The flip side of reading is writing. If you can write convincingly and persuasively, on anything, then I know you have attributes that matter: discipline, clarity of thought, and a long attention span.
Discipline: writing takes work, practice, and self-reflection. I’ve been writing pieces like this one for years and I’m still nowhere close to where I want to be. I feel improvement, though, and that’s rewarding.
Clarity of thought: unlike verbal communication, writing gives the writer the luxury of shifting words, sentences, paragraphs around. It’s a playground of the mind, and also a privilege. There is time to shift ideas and passages around, so make the arguments count.
Long attention span: good writers read. An adequate attention span is needed to absorb the knowledge in a book and retain it for the long-term. Notably, building up a knowledge index allows one to argue persuasively from combining multiple points of view.
As Shane Parrish of Farnam Street says, it is easy to regurgitate information or a viewpoint from one source. That’s elementary stuff. The harder thing to do is to combine, mix, and make things uniquely yours.
Which brings me back to my self-education journey.
My learning method = theory + practice.
The theory comes from reading books, listening to podcasts, and talking to key people for knowledge reinforcement and directional guidance.
To be fair, I’ve taken my share of structured online courses, but nothing as rigorous as my four-year undergraduate program in Computer Science.
The practice comes from re-imagining situations using new mental frameworks, acquiring work experience, and bouncing ideas off of other people.
My view is that theory without practice is worthless. With every piece of new material I add to the toolbox, it is imperative that I apply it to my life.
I make it a point to write down new insights. A day later, I will review it and think about how this new piece of knowledge can be applied to a current event or situation I’m facing.
I review the insight both one day and one month later. I’m conscientious of recency bias. New knowledge can be like a new girlfriend. Infatuation leads to illogical leaps in the short-term. Great knowledge stands the test of time.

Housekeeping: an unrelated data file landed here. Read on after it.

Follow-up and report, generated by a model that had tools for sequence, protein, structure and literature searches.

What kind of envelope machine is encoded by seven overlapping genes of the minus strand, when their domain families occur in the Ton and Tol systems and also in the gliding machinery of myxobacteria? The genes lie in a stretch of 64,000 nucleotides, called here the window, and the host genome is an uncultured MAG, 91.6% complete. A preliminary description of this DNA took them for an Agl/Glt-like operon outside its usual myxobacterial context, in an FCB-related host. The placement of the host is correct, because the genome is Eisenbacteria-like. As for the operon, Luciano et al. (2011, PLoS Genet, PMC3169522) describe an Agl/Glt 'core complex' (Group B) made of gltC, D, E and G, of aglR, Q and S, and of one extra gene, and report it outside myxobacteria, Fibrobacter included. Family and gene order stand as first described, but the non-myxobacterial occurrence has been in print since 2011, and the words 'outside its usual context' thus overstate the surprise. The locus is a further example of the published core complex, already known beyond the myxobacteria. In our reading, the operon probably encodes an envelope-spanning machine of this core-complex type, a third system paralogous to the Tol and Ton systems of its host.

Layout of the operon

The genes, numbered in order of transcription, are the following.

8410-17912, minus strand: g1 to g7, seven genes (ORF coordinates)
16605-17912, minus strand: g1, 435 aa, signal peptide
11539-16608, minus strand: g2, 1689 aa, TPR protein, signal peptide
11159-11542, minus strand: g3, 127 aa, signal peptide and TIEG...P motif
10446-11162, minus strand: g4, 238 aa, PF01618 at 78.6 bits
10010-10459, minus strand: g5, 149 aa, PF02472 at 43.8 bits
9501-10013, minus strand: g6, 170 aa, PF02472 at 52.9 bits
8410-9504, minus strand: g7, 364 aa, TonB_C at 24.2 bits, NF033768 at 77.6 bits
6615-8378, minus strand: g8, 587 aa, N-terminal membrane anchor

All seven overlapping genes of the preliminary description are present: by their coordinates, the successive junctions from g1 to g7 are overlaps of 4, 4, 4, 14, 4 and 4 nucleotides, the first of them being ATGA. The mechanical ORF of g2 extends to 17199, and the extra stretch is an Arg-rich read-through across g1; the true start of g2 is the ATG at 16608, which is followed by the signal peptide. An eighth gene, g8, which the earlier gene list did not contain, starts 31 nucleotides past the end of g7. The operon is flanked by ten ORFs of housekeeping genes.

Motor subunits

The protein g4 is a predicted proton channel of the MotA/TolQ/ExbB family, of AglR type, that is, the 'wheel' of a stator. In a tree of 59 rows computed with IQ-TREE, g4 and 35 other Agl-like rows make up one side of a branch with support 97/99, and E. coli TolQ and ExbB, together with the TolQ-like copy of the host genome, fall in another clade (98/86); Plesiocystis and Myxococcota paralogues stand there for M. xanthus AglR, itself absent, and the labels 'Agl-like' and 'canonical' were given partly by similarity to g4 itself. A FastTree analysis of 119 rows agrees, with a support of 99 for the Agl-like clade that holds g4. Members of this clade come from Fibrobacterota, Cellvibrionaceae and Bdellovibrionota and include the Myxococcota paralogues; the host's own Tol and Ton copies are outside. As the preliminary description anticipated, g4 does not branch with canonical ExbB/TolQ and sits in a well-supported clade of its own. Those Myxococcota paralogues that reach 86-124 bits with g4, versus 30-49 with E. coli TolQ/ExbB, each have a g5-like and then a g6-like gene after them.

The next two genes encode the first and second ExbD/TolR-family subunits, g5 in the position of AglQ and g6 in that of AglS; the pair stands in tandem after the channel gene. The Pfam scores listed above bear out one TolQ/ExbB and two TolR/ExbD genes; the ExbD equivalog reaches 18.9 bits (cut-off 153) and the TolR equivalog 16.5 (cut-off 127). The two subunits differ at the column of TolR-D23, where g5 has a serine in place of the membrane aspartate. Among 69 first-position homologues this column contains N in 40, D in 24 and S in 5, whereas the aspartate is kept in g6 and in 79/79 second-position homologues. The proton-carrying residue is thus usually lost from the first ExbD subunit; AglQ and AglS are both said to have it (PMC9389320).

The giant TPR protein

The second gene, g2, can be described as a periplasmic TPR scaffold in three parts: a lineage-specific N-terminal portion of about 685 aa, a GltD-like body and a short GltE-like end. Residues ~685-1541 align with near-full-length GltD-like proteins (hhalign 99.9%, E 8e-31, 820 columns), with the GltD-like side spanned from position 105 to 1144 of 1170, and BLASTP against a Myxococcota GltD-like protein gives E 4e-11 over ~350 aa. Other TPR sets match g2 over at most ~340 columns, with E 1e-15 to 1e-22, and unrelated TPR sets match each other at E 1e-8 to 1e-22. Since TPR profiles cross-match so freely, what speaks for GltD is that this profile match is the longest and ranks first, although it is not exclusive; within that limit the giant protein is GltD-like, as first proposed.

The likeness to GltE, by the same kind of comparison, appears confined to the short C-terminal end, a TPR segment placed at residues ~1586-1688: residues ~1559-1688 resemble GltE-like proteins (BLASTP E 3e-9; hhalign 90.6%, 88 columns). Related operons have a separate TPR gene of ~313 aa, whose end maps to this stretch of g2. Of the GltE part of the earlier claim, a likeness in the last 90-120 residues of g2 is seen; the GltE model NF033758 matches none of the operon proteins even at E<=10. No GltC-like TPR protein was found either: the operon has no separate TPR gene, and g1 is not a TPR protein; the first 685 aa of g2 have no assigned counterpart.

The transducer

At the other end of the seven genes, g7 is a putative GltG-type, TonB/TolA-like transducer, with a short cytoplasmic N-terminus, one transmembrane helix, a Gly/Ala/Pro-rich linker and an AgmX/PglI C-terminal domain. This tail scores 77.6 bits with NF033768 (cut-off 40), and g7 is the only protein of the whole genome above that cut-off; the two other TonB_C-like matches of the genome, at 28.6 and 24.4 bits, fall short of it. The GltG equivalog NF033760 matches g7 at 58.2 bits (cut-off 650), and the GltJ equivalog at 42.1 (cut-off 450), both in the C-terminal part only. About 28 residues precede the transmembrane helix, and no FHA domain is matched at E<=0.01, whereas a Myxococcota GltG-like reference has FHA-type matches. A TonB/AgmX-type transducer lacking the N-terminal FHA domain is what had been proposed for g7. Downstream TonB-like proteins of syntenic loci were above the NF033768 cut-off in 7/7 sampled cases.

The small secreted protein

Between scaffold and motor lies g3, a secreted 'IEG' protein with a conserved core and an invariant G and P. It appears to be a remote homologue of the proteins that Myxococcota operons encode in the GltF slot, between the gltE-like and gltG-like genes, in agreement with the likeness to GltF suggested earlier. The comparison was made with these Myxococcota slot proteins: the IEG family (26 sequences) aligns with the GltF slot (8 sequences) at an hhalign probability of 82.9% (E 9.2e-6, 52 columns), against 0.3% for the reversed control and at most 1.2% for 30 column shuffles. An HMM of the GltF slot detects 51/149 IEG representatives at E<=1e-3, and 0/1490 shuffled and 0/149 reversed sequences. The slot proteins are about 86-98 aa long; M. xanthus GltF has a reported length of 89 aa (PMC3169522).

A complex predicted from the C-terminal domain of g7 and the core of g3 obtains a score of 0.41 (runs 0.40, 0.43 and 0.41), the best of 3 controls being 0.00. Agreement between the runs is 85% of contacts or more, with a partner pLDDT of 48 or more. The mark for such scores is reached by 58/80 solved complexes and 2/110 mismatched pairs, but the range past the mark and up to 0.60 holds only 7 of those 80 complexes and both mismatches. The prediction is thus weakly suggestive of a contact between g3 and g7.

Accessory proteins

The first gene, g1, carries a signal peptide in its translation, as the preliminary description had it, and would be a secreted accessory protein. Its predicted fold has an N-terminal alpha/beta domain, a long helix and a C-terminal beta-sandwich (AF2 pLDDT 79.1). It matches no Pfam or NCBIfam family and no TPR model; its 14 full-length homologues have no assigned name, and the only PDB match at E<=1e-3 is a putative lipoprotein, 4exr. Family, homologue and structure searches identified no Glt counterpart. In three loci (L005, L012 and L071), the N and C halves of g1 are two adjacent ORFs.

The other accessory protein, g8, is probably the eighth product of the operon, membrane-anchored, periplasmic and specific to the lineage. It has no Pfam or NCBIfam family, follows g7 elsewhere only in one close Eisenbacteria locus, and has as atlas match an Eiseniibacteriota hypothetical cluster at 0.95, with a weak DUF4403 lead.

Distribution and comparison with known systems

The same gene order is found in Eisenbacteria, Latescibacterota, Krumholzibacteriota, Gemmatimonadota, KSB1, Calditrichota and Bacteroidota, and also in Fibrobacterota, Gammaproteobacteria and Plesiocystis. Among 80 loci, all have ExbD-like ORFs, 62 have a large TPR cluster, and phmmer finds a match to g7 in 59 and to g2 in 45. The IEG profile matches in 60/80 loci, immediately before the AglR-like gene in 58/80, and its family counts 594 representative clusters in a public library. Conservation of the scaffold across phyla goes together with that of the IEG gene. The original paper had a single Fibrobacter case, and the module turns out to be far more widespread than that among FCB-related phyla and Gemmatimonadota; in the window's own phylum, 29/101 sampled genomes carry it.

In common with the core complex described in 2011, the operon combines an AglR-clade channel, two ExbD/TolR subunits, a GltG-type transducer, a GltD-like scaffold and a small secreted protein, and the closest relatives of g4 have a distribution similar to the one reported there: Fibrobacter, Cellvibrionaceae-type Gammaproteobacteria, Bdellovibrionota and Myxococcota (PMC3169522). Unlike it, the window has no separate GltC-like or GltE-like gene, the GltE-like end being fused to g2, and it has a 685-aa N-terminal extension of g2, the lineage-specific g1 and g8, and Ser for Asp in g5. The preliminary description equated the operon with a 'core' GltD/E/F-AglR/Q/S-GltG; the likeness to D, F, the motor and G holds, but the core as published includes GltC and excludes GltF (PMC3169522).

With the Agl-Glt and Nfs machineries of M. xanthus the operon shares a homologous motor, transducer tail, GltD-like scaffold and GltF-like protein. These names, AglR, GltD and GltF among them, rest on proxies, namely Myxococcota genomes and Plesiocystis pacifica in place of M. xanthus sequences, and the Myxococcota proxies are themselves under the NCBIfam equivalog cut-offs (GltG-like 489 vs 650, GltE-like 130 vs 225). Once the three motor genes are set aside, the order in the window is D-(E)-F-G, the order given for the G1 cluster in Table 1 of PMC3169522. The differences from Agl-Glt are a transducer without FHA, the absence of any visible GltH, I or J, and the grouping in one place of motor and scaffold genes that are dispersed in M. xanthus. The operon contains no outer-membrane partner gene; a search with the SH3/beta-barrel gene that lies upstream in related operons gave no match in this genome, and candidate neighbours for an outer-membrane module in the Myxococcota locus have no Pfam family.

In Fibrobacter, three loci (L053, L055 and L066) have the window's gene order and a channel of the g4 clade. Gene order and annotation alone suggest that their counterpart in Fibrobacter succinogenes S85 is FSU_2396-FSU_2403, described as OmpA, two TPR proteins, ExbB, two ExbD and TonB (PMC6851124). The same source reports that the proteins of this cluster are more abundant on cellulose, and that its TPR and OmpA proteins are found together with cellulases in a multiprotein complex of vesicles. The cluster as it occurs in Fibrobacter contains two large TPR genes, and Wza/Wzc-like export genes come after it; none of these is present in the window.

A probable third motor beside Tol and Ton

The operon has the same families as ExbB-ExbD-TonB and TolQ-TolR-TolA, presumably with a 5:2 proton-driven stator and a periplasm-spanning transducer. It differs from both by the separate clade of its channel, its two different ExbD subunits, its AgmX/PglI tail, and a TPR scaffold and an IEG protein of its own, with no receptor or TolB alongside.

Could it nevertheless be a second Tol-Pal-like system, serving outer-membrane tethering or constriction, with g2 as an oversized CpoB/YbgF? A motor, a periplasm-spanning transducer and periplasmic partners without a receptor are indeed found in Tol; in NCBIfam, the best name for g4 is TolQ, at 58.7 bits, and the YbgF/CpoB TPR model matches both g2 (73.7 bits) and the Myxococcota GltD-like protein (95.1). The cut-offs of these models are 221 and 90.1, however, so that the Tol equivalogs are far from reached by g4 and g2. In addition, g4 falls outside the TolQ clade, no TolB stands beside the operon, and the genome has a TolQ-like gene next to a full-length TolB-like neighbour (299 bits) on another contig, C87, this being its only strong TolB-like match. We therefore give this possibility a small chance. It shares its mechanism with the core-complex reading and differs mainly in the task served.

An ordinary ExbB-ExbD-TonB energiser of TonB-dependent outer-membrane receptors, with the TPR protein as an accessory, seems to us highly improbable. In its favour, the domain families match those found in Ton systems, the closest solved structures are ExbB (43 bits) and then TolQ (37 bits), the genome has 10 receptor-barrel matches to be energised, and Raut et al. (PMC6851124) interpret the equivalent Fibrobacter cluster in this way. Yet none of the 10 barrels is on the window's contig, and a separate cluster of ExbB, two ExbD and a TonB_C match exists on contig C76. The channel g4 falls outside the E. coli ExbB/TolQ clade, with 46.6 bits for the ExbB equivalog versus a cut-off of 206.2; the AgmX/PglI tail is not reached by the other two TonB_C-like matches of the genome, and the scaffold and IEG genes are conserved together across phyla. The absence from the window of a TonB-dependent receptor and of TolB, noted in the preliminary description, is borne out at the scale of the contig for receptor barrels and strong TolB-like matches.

If I’m using the knowledge to form a point of view, I do a gut check by forming contrarian arguments against myself.
I ask: “What if I’m wrong?”
And: “What are the reasons for why this view may be incorrect, if I place myself in someone else’s shoes?”
While it is impossible to get this exercise perfect, it’s the least I can do in terms of checking for my own blind spots.
The superior approach is to discuss the point of view with trusted friends 1:1 to elicit feedback, which I’ve done on multiple occasions. It’s easy to get lost in one’s head; going outside of it to seek perspective is immensely valuable.
Do not fall into the trap of thinking that we have it all figured out. Constantly challenge expectation.
Here are some subjects I’ve taught myself on, over the past five years:
Learning how to learn and reason. Added some refinement to the toolbox: critical thinking methodologies, mental models, reasoning via first principles. Forming mental frameworks for how to approach challenging personal and business situations.
The financial industry, and investing literacy. Key economic events and unexpected Black Swans. Asset allocation, efficient market theory, and ETFs. The intrinsic value of equities, gold, currency. This led me down the path to learning about…
Blockchain and cryptocurrencies. What it is, what the future holds, how to invest.
Philosophy and political theory. The history of philosophy and the great thinkers, dating back to Thales and Aristotle. The purpose of life and society. Stoicism and minimizing negative emotions.
What it means to be an American liberal vs. conservative. Arguments for framing social and economic issues, both historically and in contemporary times. How to frame the concept of justice and fairness at the individual and national levels.
Introductory economic theory — in the Keynesian and neoliberal traditions — since it is all connected.
The business of sports. How teams make business decisions. The legacy of key decisions in a sport.
More abstractly: why do we watch sports? What do we take out of fandom? Why do we hold wildly different opinions on the same players, coaches, and teams?
The business of esports.
Publishing a book.
Publishing a regular podcast.
Training for a marathon.
How to play Magic: The Gathering more effectively.
How to be a better husband.
I list these areas not only to broadcast my own interests, but to seek feedback. I’m happy to expand on any of the above — and provide fuel for future writing material — if there is sufficient interest.
I also want to make a point: one can dabble into many new domains, absent the traditional educational approach. It is possible to develop more tools in the box; it just takes focused effort and discipline.
Having done my share of reflection, I am strongly considering going back to the classroom.
This time I am confident that I will get something more valuable out of it.
Have a great week!